Read former NY State "teacher of the year" John Taylor Gatto on the History of American Education - or for a slightly punchier read, check out his classic Dumbing Us Down.

The reference to Summerhill is also instructive - it's been in operation since the 1920's and has produced doctors, lawyers and so on. Closer to home, Daniel Greenberg's Sudbury Valley School has been carrying on a succesful experiment in democratic schooling for almost 40 years. The kids there actually get to vote for next year's staff at the end of each year. The point is, how do we expect kids to learn to be politically active and aware members of society if we raise them under conditions of absolute powerlessness - how do we expect them to respect others if they are shown no respect themselves? Read Greenberg's Free At Last for a great quick intro to the apparently heretical concept that if kids are given some control over their own education, they actually respond positively. Particularly instructive is the anecdote about the group of kids who wanted to learn math:

Sitting before me were a dozen boys and girls, aged nine to twelve. A week earlier, they had asked me to teach them arithmetic. They wanted to learn to add, subtract, multiply, divide, and all the rest.
posted by dinsdale at 10:42 AM on January 14, 2004


(not sure why this got chopped off...)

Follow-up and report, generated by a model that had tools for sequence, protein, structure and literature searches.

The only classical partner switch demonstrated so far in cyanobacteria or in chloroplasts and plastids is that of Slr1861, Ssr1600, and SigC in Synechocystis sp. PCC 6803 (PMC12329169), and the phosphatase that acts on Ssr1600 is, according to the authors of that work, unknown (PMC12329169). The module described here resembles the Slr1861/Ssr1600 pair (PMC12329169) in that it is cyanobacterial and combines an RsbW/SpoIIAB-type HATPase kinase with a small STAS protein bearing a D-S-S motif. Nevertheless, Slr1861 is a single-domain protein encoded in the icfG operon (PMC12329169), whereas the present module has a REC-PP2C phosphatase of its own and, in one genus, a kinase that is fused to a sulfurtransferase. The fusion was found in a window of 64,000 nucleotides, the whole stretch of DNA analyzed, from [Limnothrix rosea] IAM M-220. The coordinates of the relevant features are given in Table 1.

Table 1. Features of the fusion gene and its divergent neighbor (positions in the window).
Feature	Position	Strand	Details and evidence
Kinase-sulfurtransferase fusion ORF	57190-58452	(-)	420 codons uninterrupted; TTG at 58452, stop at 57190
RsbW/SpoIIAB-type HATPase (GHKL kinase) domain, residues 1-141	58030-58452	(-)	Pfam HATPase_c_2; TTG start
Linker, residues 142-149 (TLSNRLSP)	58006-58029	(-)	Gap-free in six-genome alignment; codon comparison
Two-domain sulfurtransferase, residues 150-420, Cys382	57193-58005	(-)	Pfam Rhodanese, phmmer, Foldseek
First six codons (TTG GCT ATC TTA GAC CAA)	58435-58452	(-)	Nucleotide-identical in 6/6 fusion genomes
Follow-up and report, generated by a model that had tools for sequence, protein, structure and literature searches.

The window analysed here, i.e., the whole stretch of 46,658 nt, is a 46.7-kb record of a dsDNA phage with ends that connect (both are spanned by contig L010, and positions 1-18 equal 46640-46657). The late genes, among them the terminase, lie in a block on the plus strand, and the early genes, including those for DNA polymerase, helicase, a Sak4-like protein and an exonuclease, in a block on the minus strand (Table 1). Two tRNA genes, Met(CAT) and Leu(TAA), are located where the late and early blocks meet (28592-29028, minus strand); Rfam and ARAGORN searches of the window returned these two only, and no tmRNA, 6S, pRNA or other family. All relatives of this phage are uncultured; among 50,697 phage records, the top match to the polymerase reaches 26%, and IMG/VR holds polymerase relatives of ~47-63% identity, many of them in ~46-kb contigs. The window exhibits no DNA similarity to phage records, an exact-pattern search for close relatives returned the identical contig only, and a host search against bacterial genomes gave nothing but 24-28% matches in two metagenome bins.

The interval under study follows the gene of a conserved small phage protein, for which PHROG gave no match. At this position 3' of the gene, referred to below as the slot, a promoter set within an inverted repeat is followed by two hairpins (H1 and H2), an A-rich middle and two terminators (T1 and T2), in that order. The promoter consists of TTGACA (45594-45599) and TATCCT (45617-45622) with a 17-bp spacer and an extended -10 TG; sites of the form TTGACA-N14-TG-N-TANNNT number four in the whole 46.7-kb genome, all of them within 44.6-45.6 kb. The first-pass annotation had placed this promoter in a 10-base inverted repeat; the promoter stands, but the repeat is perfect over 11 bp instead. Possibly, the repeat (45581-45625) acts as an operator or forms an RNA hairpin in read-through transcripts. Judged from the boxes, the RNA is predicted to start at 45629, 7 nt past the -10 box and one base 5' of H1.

the result:

In twenty weeks, after twenty contact hours, they had covered it all. Six years' worth. Every one of them knew the material cold.

And since that time this episode has been repeated at dozens of 'democratic schools' across America and around the world - 20 hours of instuction is about how long it takes an interested 9-12 year old, of average intelligence, to learn all the math they would learn in a regular school in 6 years ("...long division. Fractions. Decimals. Percentages. Square roots." etc.) The key word being "interested" - think back to your public school career, what do you *actually remember* from what you were taught - isn't it the small subset of things that actually caught your interest, that lit a fire of some kind inside you and made you *want to learn it* - shouldn't this be the actual goal of education? - "give a man a fish and feed him for a day, teach him to fish and he'll feed himself for the rest of his life" and all that.